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Second Amendment Advocates Sound Alarm Over HHS Pick

Biden aide promises 'bold' executive action on guns

HHS nominee Xavier Becerra / Getty Images
• December 11, 2020 11:00 am

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Second Amendment advocates say Joe Biden's pick to head Health and Human Services could use the position to endanger the rights of American gun owners.

The National Rifle Association and others are raising alarm that California attorney general Xavier Becerra (D.), Biden's HHS pick, could use the massive federal agency to curtail gun rights. Becerra has promoted and defended California's strict gun-control measures—including an AR-15 ban, ammunition magazine confiscation, a restrictive gun-carry permit law, and a one-of-a-kind ammunition background-check law.

"Xavier Becerra has made a career out of curtailing the rights of law-abiding gun owners in California and disregarding their constitutional rights," Amy Hunter, a spokeswoman for the NRA, told the Washington Free Beacon. "In a cabinet position, he’ll do the same for all of America."

Attorney General Becerra's office did not immediately respond to a request for comment.

Second Amendment advocates' concerns were heightened by comments made by Stef Feldman, national policy director of the Biden campaign, on Tuesday. She said Biden plans to use "existing executive authority" to "make big, bold changes" on a number of issues, including "gun violence." She said "experts" working for the campaign have identified ways Biden can act on gun control and other major issues without action from Congress.

"On a range of issues there's really a lot you can do through guidance and executive action," Feldman said at a Georgetown University event first reported by the Washington Examiner.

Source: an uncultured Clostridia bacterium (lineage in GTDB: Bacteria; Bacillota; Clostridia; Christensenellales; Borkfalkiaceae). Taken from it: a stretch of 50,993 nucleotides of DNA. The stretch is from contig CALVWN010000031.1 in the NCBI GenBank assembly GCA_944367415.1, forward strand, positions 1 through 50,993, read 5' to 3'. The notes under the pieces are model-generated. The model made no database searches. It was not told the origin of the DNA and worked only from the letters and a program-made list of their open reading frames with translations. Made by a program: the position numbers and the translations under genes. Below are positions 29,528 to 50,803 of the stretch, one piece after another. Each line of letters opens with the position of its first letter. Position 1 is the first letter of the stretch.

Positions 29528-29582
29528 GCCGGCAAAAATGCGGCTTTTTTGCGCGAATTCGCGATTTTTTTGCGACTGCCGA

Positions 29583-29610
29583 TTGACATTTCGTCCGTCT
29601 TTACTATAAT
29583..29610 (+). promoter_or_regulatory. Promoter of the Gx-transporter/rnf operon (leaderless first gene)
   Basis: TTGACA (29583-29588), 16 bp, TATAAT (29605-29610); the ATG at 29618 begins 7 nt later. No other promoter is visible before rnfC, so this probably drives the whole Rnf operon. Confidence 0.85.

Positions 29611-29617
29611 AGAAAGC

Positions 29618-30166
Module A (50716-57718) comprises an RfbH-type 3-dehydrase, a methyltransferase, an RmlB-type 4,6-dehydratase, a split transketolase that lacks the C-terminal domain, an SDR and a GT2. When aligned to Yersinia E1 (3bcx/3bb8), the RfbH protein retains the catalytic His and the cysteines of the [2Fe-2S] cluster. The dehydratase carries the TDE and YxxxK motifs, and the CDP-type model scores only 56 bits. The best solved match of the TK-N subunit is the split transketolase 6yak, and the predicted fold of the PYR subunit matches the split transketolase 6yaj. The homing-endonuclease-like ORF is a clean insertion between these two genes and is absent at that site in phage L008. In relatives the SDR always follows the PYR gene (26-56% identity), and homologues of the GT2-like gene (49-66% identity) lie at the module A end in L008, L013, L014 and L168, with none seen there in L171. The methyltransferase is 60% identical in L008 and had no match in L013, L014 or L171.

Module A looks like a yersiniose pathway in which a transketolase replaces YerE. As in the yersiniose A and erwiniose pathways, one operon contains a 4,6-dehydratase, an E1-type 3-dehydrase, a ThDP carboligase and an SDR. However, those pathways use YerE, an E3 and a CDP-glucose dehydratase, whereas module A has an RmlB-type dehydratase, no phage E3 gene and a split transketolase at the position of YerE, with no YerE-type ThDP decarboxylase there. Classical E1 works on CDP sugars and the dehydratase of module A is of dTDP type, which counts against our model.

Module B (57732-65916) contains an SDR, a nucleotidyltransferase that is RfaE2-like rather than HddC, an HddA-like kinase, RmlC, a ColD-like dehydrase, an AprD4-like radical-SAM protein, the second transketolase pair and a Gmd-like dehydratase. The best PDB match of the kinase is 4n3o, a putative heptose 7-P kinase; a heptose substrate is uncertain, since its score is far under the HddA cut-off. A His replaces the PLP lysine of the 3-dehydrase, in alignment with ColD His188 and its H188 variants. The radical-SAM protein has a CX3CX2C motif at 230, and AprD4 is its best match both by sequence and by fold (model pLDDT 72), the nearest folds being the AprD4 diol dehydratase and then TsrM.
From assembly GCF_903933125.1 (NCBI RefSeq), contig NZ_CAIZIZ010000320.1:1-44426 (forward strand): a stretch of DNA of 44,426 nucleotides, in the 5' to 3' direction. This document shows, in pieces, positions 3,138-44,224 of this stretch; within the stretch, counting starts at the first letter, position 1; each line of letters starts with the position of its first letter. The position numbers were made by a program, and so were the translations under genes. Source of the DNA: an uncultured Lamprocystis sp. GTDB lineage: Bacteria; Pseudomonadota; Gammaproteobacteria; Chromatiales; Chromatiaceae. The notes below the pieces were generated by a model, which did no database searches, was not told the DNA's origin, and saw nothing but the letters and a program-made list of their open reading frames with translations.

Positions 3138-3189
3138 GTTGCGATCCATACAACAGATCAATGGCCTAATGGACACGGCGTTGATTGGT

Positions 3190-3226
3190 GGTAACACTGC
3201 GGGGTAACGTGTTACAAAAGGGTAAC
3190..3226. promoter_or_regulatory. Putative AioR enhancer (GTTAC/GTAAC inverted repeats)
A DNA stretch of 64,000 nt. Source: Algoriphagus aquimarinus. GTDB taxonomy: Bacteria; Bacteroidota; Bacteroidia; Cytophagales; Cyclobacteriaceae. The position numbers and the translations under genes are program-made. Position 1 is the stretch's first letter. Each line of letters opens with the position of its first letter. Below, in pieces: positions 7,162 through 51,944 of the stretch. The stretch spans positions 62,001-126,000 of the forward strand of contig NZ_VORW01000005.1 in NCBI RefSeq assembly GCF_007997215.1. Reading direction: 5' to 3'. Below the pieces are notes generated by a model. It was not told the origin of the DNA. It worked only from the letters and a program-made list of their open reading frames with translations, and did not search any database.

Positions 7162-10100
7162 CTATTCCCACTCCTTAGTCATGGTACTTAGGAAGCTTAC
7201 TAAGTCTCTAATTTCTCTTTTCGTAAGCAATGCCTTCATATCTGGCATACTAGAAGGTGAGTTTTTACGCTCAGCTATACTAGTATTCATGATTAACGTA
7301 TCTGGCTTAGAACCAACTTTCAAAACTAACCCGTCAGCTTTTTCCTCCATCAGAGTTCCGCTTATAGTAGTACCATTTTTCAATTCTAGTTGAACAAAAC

The National Shooting Sports Foundation said Becerra is likely to aggressively pursue any gun-control agenda handed down by Biden once he takes office. It expects the Democrats to use executive agencies to push gun restrictions that they are unable to push through Congress.

"We saw in the Obama/Biden administration that they used [the Department of Housing and Urban Development] and HHS to deny people their Second Amendment rights," Mark Oliva, a spokesman for the group, told the Washington Free Beacon. "There's no avenue of government authority that they will not exploit."

The Biden transition team did not respond to a request for comment.

Oliva pointed to President Barack Obama's effort to use Social Security evaluations to prohibit certain seniors from owning guns in 2015, as well as his executive order telling HHS to change the process for adding certain records to the background-check system in 2016. NSSF's legal team expects the Biden administration to take an expansive approach to executive authority. General counsel Larry Keane said in an op-ed that he fears Becerra could use health concerns as a pretext to implement gun regulations instigated by Biden executive orders.

"The problem with Attorney General Becerra leading the nation’s health agency is that any issue he finds politically unfavorable can be labeled a public health crisis and be used to justify unprecedented restrictions on constitutionally protected individual liberties," he said. "That nomination would put a firebrand gun-control collaborator at the helm of the nation’s leading health organization delivering services and support of scientific advances in medicine, public health, and social services. This is a harbinger that the federal office that employs 80,000 and has a $1.3 trillion budget will be used to push an anti-gun ideology over science."